Chef users the standard adduser command (http://linux.die.net/man/8/adduser) for adding users. That command accepts the password already encrypted - Hence why you need to store an encrypted version (generated by openssl passwd -1 "plaintextpassword") in your data_bags/users/deploy.json.

So, your plain-text password is the 'real' password. But because the adduser command expects the password you pass it to be already encrypted, it's the encrypted version that you need to store in data_bags/users/deploy.json

That works well, because you definitely wouldn't want to store a plain-text password in data_bags/users/deploy.json!

Coming back to my original questions:

What is my 'actual' password? The plain text version, or the encrypted version?
The plain text version is your real one.

Do I need to save a copy of both to my password manager? No. You only store your plain-text version. You use that whenever you want to log in. The system then encrypts that, and compares it to the encrypted version that it has stored for your account.

What is the benefit / purpose of openssl passwd?

There is no 'benefit' as such. It's simply required because the adduser command will expect the password it's given to be already encrypted.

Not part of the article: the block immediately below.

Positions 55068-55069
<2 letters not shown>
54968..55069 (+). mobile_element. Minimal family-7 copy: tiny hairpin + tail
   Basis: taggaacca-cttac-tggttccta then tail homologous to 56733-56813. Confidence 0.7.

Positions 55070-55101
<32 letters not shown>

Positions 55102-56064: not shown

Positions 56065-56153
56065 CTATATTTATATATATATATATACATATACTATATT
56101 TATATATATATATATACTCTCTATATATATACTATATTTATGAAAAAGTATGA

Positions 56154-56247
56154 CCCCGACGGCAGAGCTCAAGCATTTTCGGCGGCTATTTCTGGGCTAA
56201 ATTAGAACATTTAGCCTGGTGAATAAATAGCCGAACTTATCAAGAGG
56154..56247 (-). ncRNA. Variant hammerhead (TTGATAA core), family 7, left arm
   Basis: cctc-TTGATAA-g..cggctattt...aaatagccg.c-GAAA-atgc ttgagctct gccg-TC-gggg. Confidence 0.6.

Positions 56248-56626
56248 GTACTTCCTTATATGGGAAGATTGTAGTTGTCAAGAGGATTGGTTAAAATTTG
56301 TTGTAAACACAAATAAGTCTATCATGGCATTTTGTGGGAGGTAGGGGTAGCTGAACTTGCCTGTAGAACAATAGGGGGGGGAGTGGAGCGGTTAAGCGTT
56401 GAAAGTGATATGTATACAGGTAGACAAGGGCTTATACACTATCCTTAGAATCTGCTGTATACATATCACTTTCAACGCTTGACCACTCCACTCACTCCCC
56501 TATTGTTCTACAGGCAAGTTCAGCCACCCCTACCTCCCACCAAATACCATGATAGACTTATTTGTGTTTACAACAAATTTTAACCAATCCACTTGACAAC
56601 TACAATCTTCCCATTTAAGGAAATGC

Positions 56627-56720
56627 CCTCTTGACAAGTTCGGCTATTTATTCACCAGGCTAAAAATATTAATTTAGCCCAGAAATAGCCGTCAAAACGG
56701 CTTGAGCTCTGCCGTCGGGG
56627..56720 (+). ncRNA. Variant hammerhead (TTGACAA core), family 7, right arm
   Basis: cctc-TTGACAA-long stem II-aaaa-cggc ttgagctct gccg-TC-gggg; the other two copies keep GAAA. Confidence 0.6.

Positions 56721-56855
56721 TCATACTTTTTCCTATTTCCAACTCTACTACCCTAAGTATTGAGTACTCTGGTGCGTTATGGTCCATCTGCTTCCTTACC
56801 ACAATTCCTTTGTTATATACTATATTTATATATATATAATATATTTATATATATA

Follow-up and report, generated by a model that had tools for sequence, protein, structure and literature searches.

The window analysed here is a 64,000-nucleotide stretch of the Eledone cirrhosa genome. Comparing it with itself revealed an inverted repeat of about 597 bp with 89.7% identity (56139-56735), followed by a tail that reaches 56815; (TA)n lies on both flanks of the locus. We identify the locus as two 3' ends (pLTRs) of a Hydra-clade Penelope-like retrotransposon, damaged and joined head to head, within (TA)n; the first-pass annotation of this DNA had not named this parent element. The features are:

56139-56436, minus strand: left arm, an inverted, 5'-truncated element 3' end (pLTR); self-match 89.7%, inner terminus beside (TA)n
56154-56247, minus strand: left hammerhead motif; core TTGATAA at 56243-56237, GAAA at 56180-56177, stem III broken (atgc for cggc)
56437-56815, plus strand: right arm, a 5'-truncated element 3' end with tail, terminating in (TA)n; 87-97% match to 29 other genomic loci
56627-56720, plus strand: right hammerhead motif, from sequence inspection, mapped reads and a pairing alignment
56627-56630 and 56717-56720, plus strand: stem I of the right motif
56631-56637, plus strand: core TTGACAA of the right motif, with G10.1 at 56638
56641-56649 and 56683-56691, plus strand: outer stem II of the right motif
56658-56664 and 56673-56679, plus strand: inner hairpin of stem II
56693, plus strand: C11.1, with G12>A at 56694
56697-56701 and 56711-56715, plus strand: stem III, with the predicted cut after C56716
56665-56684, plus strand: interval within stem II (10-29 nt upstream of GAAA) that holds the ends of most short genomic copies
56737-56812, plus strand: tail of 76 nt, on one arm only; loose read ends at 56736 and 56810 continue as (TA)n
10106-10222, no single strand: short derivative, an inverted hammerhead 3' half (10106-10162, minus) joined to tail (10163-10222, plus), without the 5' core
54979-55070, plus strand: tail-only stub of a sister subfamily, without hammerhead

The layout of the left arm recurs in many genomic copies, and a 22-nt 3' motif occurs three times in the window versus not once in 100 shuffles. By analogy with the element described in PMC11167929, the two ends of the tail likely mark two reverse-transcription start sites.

Having said all that, apparently it's much better to not sore a password at all in data_bags/users/deploy.json, and only allow access via SSH Keys.

It's not considered a good practice to store even an encrypted version of your password in data_bags/users/deploy.json because Linux password encryption has such a bad track record. (edit: read comments below for a better explanation)

  • 3
    because Linux password encryption has such a bad track record That's not really an accurate representation - it's more a problem of giving an attacker access to your hashed password, which they can then take and brute force (to attempt to recover your original password) on their own system - and since MD5 is a comparatively fast to compute algorithm, an attacker might be able to make hundreds of thousands or millions of guesses at your password per second. MD5 is an industry standard, and it's not recommended for use these days due to weaknesses which are not specific to Linux. Feb 11, 2014 at 3:55
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    Not having a password attached to the user at all could have some security advantages, but also has potential drawbacks - you will likely want to be able to SSH with a key then sudo with a password. Since you're just setting the user account's hashed password in the shadow file, consider storing it using a stronger algorithm - see here. Feb 11, 2014 at 4:00
  • Thank you. Helpful inquiry and explanations. I would like to add also that openssl passwd -1 "plaintextpassword" produces an output whose second field being the randomly chosen salt in the hashing process. You can also personally choose the salt via the -salt argument of openssl. This 2nd field is very, very important because it is the only link to the original data being hashed. Hence, it is used to prove equivalence.
    – daparic
    Sep 30, 2019 at 10:19